CHICAGO – Initial reaction to Ford’s midcycle refresh of the Mustang was mixed, but opinion is turning more positive – especially as potential buyers see the restyled ’18 model in the metal.
“It’s hard to show the car in photos, but people are really excited about it when they see it in person,” Mark Schaller, Mustang marketing manager, says in an interview with WardsAuto on the floor of the Chicago Auto Show.
The Mustang gets a complete makeover from the windshield forward for the ’18 model year, along with upgraded engines and 10-speed automatic transmissions. The restyled front end features all-LED lighting allowing hood height to drop 1 in. (25 mm) overall, giving the pony car an arched-fender and -hood appearance compared with the more angular styling of the sixth-generation Mustang introduced in 2014 as a ’15 model.
Schaller says early reaction to the revisions, unveiled at the Detroit auto show in January, were not unexpected given that every remake of the iconic sports car has been met with some trepidation within the Mustang community.
“People are resistant to change at first,” Schaller notes, “and our designers are pushing the envelope. If they’re not making us a little uncomfortable, they’re not doing their jobs.”
The good news, Schaller says, is the sixth-generation model and the refresh are growing interest in the Mustang among younger and more diverse buyers. At the same time, those newer buyers share many of the same desires – for freedom, an emotional connection, authenticity and a little rebelliousness – with the Baby Boomers that preceded them.
“We’re seeing the torch being passed from Boomers to Millennials,” Schaller says, “but there are a lot of similarities between the groups that span age and gender gaps.”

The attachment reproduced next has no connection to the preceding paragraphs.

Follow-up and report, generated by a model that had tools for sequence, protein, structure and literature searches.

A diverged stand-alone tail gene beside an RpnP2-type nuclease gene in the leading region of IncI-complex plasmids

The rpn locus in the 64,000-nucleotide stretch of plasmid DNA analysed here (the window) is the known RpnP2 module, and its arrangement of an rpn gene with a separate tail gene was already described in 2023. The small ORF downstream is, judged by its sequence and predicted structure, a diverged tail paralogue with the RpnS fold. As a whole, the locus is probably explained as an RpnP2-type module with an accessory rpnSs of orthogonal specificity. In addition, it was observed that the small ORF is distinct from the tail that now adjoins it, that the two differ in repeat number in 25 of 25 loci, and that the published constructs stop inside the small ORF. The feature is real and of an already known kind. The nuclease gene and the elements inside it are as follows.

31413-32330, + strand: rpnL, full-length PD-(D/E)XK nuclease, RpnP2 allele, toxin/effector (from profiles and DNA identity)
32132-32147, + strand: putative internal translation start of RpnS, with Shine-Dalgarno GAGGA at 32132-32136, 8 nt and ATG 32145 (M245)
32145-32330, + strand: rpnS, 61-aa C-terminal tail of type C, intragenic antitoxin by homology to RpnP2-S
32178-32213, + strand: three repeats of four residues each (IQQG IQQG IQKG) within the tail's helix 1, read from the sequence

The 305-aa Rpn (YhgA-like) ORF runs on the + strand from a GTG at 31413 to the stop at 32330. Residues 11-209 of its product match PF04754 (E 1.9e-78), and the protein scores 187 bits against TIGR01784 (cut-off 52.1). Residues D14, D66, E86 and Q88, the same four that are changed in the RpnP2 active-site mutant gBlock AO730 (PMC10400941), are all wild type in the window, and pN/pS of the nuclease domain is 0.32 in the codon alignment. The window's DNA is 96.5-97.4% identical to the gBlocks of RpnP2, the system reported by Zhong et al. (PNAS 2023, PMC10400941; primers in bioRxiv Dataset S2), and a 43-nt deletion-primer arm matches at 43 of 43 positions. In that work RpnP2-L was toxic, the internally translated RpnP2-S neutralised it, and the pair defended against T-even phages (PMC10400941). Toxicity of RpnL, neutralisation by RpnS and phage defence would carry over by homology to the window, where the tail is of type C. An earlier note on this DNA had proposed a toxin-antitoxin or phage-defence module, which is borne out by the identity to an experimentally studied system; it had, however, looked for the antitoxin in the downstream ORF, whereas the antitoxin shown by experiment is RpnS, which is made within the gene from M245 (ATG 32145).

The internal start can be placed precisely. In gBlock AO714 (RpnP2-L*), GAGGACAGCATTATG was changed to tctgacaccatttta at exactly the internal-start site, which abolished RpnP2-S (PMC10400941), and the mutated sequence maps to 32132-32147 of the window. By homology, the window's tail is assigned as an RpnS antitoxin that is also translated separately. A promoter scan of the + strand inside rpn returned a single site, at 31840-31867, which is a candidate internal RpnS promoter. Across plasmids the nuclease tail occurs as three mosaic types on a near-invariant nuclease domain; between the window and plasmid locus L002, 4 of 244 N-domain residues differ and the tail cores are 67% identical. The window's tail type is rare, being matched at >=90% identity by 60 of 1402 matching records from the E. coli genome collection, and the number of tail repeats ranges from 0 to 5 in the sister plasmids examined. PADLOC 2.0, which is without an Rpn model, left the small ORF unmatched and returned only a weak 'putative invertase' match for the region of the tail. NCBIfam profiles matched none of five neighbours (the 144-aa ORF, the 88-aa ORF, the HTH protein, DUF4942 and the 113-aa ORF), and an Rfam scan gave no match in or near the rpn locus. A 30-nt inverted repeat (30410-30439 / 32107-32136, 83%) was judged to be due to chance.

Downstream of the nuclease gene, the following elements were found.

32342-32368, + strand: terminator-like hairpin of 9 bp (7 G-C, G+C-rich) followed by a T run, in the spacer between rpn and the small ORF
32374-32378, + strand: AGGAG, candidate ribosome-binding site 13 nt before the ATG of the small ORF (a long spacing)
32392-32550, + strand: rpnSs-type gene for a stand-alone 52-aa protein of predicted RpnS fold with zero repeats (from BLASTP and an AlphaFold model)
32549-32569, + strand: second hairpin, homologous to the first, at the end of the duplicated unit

While cars sales continue to lose ground to CUVs, SUVs and pickups, Schaller expects the segment occupied by the Mustang, Chevrolet Camaro and Dodge Challenger to maintain its 2% share of the market.
Mustang’s North American sales softened during the course of 2016, finishing down 13.4%, but its 105,932 deliveries still topped the Camaro by 33,000 units, according to WardsAuto data. Schaller anticipates the refresh will rejuvenate Mustang sales as each change has in the past.
“Mustang sales are highly driven by new product,” he says.
Mustang sales also are growing globally, thanks to the move to independent rear suspension in the sixth generation. Schaller says global customers will appreciate that the latest makeover assures all Mustangs will come with hood vents, a styling feature previously dropped from some models due to pedestrian crash standards.
Schaller expects a smooth transition from selling off ’17 models and introducing the ’18 this fall, following a midsummer changeover at Ford’s Flat Rock, MI, Assembly Plant.
For the ’18 model year, the Mustang drops the base 300-hp 3.7L V-6, offering a higher-powered 5.0L V-8 in the GT and a punchier version of the 2.3L turbocharged I-4 in all other models.
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